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Abstract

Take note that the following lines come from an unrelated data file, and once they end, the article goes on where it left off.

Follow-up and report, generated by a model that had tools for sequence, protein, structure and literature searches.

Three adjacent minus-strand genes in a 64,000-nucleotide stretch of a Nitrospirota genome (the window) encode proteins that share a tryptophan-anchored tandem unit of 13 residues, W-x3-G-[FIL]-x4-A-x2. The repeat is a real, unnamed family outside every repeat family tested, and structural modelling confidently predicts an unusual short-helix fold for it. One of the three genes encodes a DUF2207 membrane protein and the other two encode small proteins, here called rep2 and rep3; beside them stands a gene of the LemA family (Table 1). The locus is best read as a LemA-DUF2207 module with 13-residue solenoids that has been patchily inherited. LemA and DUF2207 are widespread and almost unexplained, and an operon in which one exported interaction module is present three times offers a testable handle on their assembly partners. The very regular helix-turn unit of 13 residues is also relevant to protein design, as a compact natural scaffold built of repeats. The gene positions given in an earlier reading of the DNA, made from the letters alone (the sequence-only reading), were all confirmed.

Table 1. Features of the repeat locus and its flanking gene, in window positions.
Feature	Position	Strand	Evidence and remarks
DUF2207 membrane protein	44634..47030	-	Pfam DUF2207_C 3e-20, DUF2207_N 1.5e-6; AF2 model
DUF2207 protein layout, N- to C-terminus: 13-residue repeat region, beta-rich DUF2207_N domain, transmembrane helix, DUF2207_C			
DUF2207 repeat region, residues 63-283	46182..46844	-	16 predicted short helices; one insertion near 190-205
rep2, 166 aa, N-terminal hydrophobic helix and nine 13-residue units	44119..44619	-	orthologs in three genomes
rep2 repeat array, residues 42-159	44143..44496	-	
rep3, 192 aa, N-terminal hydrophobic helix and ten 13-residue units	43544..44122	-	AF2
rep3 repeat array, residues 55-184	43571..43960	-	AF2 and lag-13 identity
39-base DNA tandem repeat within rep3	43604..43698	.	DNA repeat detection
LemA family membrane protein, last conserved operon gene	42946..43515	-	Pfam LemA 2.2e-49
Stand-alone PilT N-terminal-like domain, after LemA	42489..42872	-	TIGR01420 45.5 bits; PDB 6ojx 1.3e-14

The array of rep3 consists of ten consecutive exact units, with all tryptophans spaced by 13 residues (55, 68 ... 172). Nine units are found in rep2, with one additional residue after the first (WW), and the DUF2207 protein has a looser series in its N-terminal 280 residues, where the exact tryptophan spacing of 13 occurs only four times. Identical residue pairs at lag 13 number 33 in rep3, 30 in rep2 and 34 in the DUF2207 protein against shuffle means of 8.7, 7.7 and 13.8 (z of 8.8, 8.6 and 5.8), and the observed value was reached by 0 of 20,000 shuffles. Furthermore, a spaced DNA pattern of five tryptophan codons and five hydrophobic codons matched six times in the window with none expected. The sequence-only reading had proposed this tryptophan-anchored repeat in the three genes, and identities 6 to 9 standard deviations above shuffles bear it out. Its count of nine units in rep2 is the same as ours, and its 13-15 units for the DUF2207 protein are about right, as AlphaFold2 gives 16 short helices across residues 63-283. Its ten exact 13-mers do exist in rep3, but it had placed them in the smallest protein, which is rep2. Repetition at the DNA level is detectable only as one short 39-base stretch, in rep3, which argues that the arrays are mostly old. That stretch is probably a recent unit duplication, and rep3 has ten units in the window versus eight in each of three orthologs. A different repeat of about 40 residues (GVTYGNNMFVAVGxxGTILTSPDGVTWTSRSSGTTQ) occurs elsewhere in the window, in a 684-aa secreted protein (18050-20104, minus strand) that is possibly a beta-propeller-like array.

Distributing entanglement in a quantum network requires a combination of high-quality photonic interfaces and long-lived quantum memories. The neutral divacancy in silicon carbide (SiC) is a particularly interesting system because it has the potential to combine both of these attributes in a material which can leverage scalable device fabrication techniques from a mature semiconductor industry. Here, we discuss recent advances in using isolated defects in SiC as spin qubits. We show how material engineering can be used to control neighboring nuclear spins and build multi-qubit systems. We then embed this quantum system into classical electronic devices (p-i-n diodes). This simple integration allows us to control the defects’ electrical environment and engineer its spin-photon interface. Overall, these results cement defects in SiC as attractive candidates for the development of quantum communication and entanglement distribution technologies.

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